Thousands of people each year are diagnosed and lose their fight with blood diseases such as sickle cell and leukemia, but a new bone marrow transplant method is expected to save many of those lives in the future.
Bone marrow transplants have long been used to add years to people’s lives, but too often the recipient of the transplant would die from an unrelated infection while undergoing treatment. High doses of radiation and chemotherapy were given before a bone marrow transplant to kill off the bad cells and make room for the new. Too often, however, before the newly transplanted cells began growing and replacing the exhausted immune system the patient would contract an infection that the weakened immune system could not fight.
The new procedure currently being tested in hospitals around the country introduces the donor marrow before the patients’ immune system is depleted. The recipient and the donor cells actually work together to form a sort of hybrid immune system.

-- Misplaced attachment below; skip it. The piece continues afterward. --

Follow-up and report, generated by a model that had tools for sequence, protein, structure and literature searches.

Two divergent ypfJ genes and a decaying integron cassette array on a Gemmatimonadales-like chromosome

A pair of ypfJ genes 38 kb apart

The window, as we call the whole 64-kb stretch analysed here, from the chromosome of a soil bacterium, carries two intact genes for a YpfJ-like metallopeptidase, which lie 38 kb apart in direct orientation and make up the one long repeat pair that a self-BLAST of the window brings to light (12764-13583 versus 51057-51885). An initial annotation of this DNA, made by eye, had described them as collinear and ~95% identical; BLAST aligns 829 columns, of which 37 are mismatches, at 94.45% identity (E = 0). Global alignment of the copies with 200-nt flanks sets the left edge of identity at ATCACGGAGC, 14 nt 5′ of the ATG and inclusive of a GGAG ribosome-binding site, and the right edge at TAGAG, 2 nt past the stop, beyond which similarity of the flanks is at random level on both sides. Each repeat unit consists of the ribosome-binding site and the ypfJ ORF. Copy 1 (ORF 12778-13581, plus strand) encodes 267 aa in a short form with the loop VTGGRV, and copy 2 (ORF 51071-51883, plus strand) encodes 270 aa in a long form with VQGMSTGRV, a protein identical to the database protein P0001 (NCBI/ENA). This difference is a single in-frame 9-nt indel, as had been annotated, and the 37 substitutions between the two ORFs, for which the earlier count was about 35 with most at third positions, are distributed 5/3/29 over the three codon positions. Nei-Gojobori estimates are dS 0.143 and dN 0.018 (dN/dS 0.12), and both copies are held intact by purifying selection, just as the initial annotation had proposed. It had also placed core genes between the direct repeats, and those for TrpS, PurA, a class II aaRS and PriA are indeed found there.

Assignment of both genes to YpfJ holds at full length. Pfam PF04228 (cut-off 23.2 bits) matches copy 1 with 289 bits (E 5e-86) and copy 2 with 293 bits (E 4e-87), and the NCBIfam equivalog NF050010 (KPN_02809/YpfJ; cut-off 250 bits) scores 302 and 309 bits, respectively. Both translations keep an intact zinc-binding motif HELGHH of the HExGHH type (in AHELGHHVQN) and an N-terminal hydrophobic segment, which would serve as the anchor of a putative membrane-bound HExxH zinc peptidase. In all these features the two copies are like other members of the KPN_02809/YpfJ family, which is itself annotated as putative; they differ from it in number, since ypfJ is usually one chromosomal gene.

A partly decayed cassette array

Usually the patient will receive high doses of chemotherapy and/or radiation to eliminate the unhealthy bone marrow. The new stem cells are injected intravenously, like a blood transfusion; they then find their way to the bone and start to grow and produce more cells.
Rather than destroying the patient’s bone marrow, just tamp it down enough to make space for the donated marrow to squeeze in alongside and a sort of twin immune system takes root. It’s what doctors taking a page from mythology call “mixed-cell chimerism” — patient and donor blood and immune cells living together to improve health.
The new bone marrow transplant method can be used for many diseases including sickle cell, leukemia and other deadly cancers and metabolic disorders. It’s thought donor matches will not need to be as close as they were before.